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Evil Inside Review


Evil Inside, or ‘Jump Scare Generator’ as it should be known, is deeply in love with PS4 tech demo ‘P.T.’. 

You may not be aware of P.T. as it didn’t get a full or proper launch on the PS4, but for a period in 2014, it was all everyone could talk about. It was published by Konami, designed by Hideo Kojima, and developed in collaboration with Pan’s Labyrinth director Guillermo Del Toro. For various reasons it was yoinked from the Playstation Store, but for a time it showcased a wonderful future for survival horror, and it forged a fantastic path for the Silent Hill series (at the time, Konami were planning a ‘Silent Hills’ game). 

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P.T. was no longer than a demo, presenting an L-shaped corridor with only a couple of attached rooms, and you walked up and down that corridor. We’ve all probably done something similar while we’ve waited for a toilet to free up. But P.T. made it excruciating. It toyed with perception, using the blind-spots of the first-person perspective to move stuff around, or worse. Bloody apparitions stalked you, or appeared in flashes, and it was incredibly tense to play. Watch a video on Youtube: we thoroughly recommend it. 

Since then, we’ve had a few games that have tried to capture its unbearable tension, most notably Visage, which extrapolated the single corridor of P.T. to an entire house with mixed but mostly positive results. And now we have Evil Inside.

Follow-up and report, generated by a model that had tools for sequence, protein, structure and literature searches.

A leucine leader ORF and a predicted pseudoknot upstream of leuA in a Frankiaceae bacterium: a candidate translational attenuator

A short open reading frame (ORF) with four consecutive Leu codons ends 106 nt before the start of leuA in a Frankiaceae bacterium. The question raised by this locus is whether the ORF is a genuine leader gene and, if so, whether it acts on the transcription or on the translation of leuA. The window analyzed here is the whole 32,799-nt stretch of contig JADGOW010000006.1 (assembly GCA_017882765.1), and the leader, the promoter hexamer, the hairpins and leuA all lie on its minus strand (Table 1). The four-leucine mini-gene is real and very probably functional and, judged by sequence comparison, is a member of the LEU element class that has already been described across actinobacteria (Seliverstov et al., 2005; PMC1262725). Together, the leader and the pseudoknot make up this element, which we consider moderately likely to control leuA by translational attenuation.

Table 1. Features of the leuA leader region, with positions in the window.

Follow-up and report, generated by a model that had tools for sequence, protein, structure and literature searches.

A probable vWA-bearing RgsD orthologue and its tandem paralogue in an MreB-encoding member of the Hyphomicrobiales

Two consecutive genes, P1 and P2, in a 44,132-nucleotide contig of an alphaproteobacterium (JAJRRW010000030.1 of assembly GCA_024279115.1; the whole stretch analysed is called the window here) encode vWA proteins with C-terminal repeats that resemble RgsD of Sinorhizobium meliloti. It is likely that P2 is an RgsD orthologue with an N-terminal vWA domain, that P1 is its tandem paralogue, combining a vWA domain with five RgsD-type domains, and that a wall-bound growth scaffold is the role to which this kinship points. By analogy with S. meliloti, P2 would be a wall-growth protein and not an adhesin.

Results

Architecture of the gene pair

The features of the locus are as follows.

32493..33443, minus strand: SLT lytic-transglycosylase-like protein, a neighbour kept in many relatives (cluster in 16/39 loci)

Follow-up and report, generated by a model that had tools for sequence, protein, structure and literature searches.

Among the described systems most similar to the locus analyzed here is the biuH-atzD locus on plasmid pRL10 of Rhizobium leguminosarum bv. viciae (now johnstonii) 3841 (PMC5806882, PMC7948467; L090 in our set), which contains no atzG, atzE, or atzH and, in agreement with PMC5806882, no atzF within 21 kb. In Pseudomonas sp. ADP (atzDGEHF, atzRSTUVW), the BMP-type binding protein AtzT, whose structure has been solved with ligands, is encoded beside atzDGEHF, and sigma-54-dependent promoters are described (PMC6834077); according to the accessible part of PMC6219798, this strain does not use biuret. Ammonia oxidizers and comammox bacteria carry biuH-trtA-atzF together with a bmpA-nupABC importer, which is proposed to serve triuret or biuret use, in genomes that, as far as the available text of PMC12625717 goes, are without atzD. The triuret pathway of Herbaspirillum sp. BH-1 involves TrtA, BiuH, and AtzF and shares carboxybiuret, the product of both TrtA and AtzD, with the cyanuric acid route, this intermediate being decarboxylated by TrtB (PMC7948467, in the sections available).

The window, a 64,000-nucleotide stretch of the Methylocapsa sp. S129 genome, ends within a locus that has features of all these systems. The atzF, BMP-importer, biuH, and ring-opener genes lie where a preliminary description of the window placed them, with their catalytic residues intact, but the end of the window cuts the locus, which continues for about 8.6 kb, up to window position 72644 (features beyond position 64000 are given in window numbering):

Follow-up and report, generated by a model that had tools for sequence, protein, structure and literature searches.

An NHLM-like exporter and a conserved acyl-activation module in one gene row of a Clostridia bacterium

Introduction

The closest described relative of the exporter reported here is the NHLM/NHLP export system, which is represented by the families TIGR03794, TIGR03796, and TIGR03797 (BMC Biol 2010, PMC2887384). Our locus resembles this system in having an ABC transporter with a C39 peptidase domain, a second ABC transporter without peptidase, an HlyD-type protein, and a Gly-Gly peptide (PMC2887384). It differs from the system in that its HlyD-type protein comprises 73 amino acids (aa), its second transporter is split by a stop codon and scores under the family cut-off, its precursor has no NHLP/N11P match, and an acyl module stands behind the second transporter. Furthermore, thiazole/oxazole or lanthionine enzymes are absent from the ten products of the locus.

Evil Inside is moderately larger than P.T., as it’s an L-shaped corridor with one more staircase and a couple more rooms, but it’s ostensibly the same set up. We won’t get snarky – while it’s a near-direct lift, it’s not as if you can play P.T. anymore, and it’s a template that works. You walk up and down the corridor, getting barraged by horrific things as you complete simple tasks and puzzles, which eventually leads you to a basement door. Step through the basement door and the loop starts again. You’re completing multiple ‘runs’ of this type, and the horror escalates.

There’s a story that slowly becomes less and less relevant, until an ending reminds you that it exists. You play Mark, a poor chap who’s mother has been killed by his father, and his father has been chucked in the clink as a result. You return home to do what any grieving son would do – contact your mum via Ouija board – which plunges you into a parallel hellscape of your family home. Oh Mark, you deserved all you got.